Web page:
Oct. 8, 2013 at 2:19 PM ET
The Curiosity rover is sending back wild pictures of Martian boulders ... physicists are winning the Nobel Prize for their theories about the "God Particle" ... planetary scientists are gathering for one of their biggest meetings of the year ... and the federal government is shut down.
That last fact affects all the others, at least in terms of how NASA and other federal agencies get the word out about what's going on in the world of science. For the most part, the shutdown has forced those agencies to close down their social media campaigns, stop updating their websites and shut off their video streams.
Twitter users have stepped into the breach, using the hashtag #ThingsNASAMightTweet to pass along updates about space missions and more — such as the Juno probe's impending flyby of Earth en route to Jupiter. The hashtag was created by Bill Dunford (a.k.a. @ridingrobots), who works at a software company in Utah and runs an educational website called Riding With Robots.
"I thought, 'Why don't I start tweeting what NASA can't," Dunford told Mashable.
Getting around the shutdown
Some of the Twitter users filling the gap just happen to be federal employees.
For example, NASA spokesman Bob Jacobs has been passing along space tidbits from his personal @bnjacobs Twitter account, which provides no indication that he works for the space agency. Don't expect him to answer your messages. "Sorry, want to be responsive but we're not allowed to answer even on personal accounts," Jacobs told one inquiring Twitter correspondent.
Fermilab's head of communications, Katie Yurkewicz, has been retweeting reports about Tuesday's Nobel physics prize — which relates to the discovery of the Higgs boson, an achievement that involved hundreds of scientists from Fermilab and other federally supported labs participated. But only one tweet from her @kyurkewicz account pointed to a news release at Fermilab's website. The same news release was published on Brookhaven National Laboratory's website.
Yurkewicz told NBC News that the Nobel news was a special case. "That's it for proactive public outreach until the shutdown ends," she said.
Fermilab's website is still functional, even though it's not being updated. The same goes for some of the other federally supported science sites, ranging from Symmetry Magazine to the National Institutes of Health and the Department of Energy. In contrast, the National Science Foundation website has been stripped down to the basics.
What's up and down in space
Most NASA websites are inaccessible, including NASA TV online and on cable TV. NASA's Jet Propulsion Laboratory is one of the rare exceptions: Although most of the website has been frozen in pre-shutdown mode, raw images from the Curiosity and Opportunity rovers on Mars are still being added. A similar situation applies to raw imagery from the Solar Dynamics Observatory and the Solar and Heliospheric Observatory.
Some of NASA's other databases, such as Johnson Space Center's Gateway to Astronaut Photography of Earth and Kennedy Space Center's Media Gallery, are still accessible, though they're not being updated.
Meanwhile, space mission websites that aren't housed under NASA.gov are plugging along: That includes Cassini pictures from Saturn, Messenger pictures from Mercury, HiRISE pictures from Mars, Lunar Reconnaissance Orbiter pictures from the moon, and information about the Hubble Space Telescope and the Chandra X-ray Observatory. You can still get space weather reports from NOAA's Space Weather Prediction Center and SpaceWeather.com, too.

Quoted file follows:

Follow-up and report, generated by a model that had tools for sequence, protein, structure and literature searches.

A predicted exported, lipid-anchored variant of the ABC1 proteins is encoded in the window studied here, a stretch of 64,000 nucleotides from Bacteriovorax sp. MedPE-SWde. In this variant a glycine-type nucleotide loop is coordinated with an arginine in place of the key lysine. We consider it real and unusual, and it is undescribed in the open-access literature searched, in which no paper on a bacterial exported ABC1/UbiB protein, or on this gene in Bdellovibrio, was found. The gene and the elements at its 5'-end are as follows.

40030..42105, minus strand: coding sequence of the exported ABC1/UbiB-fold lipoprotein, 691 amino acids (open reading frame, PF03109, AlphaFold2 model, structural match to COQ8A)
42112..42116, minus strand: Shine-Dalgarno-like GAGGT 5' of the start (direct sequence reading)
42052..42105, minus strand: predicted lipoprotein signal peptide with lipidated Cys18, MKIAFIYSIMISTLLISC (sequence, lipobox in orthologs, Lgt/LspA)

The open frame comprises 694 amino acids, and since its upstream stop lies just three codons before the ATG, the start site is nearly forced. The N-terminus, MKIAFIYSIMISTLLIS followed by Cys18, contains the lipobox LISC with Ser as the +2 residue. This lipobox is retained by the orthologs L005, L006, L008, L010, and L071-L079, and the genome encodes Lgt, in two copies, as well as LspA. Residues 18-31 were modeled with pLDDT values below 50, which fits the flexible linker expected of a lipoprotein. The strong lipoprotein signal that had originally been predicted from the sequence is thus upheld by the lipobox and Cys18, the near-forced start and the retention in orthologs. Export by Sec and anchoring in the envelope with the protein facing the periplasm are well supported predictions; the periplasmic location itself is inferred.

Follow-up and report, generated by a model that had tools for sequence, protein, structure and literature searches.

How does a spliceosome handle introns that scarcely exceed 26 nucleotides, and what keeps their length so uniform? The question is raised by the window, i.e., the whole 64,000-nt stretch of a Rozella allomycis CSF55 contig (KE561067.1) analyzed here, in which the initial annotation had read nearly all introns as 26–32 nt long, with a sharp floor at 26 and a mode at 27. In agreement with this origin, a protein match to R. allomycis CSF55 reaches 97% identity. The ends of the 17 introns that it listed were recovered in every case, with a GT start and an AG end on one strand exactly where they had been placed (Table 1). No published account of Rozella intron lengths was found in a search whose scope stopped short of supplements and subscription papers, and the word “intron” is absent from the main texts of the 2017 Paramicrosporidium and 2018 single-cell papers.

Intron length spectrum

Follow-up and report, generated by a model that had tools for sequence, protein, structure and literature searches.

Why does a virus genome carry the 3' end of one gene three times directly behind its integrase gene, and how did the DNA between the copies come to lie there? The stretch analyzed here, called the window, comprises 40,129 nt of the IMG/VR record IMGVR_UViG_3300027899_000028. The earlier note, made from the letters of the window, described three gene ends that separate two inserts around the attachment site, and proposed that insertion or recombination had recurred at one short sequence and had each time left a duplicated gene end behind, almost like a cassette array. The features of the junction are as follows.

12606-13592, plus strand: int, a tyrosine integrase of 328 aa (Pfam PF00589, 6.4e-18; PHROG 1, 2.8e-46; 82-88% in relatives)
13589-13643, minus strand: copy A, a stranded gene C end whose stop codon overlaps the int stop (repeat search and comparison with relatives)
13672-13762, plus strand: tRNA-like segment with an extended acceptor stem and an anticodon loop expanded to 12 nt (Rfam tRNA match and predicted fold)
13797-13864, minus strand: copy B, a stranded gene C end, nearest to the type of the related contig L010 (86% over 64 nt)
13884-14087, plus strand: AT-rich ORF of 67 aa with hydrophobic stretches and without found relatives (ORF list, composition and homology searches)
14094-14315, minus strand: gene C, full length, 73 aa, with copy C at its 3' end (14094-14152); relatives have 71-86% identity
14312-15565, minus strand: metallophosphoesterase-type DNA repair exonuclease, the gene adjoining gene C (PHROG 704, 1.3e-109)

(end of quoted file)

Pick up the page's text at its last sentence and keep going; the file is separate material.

Whether or not the websites are working, NASA is still funding ongoing space missions, including activities on the International Space Station. NASA astronauts Karen Nyberg (@AstroKarenN) and Mike Hopkins (@astroillini) are continuing to tweet from orbit, along with Italy's Luca Parmitano (@astro_luca). But most missions yet to be flown have been put on hold — with the notable exception of the Maven mission to Mars.
Some federally funded science operations have been using money left over from the previous fiscal year to stay in operation, but that cash can go only so far. The Science Insider blog reported that the National Radio Astronomy Observatory's U.S.-based network of radio telescopes came to a "dead halt" on Friday when funds ran out. Some money is still going toward the ALMA telescope array in Chile and the Arecibo Observatory in Puerto Rico. But the longer the shutdown continues, the less science will get done.
More about the shutdown and science:
The shutdown's implications for science are generating a lot of tweets at this week's meeting of the American Astronomical Society's Division for Planetary Sciences (even though federally employed scientists can't participate). To follow the discussion, keep tabs on the #DPS13 hashtag.
Alan Boyle is NBCNews.com's science editor. Connect with the Cosmic Log community by "liking" the NBC News Science Facebook page, following @b0yle on Twitter and adding +Alan Boyle to your Google+ circles. To keep up with NBCNews.com's stories about science and space, sign up for the Tech & Science newsletter, delivered to your email in-box every weekday. You can also check out "The Case for Pluto," my book about the controversial dwarf planet and the search for new worlds.